2. Chris Hansen , November 23, 2009 at 12:35 p.m.

    This is a great perspective on email marketing and its burn-out rate. I've never really looked at it that way, especially from the perspective of a small firm that is trying to make email marketing a cornerstone of its foundation. But then, it's something I happen to be passionate about. From my perspective, any niche within any business that focuses so much on such a small area runs the risk of burning out staff. It's not limited to email and any business that hopes to keep good talent should have a career management plan. Unfortunately it's the achilles heel of many a small firm.

  3. Mark Lewis from Lewis Media Solutions , November 23, 2009 at 2:07 p.m.

    Email can be one of the avenues you take for a client. It shouldn't be the only "tool" used though. Never considered the burn-out of email. A comprehensive advertising/communications mix can indeed utilize email. Thoughtful piece on next generation email marketers.

  4. Bill Schildknecht from OnBelay Consulting, LLC , November 23, 2009 at 4:39 p.m.

    David - so glad to see this topic getting attention. In my experience, the email team has frequently been relegated to primarily a production role (as in "just get the message out the door"). As boredom sets in, testing and analytics become relics of the past and the entire email program goes on auto-pilot.

    Seems to me that an email marketer needs to become more storyteller than email guru. This would put a greater emphasis on content formation with tighter integration into the product side of the organization.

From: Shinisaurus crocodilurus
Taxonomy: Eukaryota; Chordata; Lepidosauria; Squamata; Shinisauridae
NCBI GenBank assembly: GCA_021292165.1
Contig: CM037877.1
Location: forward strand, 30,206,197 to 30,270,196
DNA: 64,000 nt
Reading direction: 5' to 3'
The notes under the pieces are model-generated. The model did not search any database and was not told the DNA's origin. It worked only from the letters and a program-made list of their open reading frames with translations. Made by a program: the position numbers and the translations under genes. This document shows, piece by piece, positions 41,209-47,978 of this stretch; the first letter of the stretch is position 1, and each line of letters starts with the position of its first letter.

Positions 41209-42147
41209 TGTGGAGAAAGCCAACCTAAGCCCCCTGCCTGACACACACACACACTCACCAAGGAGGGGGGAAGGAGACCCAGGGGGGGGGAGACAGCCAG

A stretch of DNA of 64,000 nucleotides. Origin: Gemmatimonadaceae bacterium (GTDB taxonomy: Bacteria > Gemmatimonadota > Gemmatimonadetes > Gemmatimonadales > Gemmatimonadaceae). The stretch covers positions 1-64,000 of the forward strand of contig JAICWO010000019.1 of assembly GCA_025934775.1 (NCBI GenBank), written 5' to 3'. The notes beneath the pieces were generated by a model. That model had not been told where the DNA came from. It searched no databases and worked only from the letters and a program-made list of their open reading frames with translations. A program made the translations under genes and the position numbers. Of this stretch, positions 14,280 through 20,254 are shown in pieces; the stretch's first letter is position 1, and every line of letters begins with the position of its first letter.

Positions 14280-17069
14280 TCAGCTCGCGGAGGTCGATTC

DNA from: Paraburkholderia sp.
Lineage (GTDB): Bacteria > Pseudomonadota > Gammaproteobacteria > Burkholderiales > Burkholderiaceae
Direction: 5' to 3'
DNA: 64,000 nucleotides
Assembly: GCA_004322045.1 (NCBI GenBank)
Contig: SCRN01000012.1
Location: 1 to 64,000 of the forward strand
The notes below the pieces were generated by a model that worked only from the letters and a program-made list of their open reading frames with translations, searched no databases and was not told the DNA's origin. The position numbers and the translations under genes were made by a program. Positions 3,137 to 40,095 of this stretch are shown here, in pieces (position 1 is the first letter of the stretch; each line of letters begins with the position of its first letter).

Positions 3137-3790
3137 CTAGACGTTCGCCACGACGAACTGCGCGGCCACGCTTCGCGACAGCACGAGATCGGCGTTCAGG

The beauty of the email marketing role is the combination of creative and analytical tasks encountered on a daily basis, allowing an analytical person to dip into more aesthetic topics and vice versa. Instead we've created drivers of email systems - and who wants to put that on their resume?

  5. Kristina Faller from Catalyst Direct , November 30, 2009 at 1:45 p.m.

    David, thanks for this insightful and (for me) timely article. I am curious as to where/how the email marketing role typically is structured in agencies -- as an account management function, or a technology/production function or a Creative function?

  6. David Baker from Acxiom , December 1, 2009 at 3:59 p.m.

    All great comments...

    Krystina: to your comment, it VAries... isn't that the prudent response from an agency? :)... I've seen it as an extended project manager if the delivery is done through an ESP with a full service team.. If they are actually hands on the platform staging campaigns, it can be a web dev person or interface developer type role, but they should have HTML experience and ability to play with APIs.... I see the role in three veins: Strategy and Planning, Implementation and coordination and then delivery and support... so an email manager sometimes has all these responsibilities, but most times they have one or two..

    and to Bill's point... I wrote a series of articles on telling the ROI story and he is correct you have to tell the story broader than clicks and opens or your'll never get budget or attention... that articles' over 3 years old, but still very relevant.. google it : Baker Telling the ROI Story...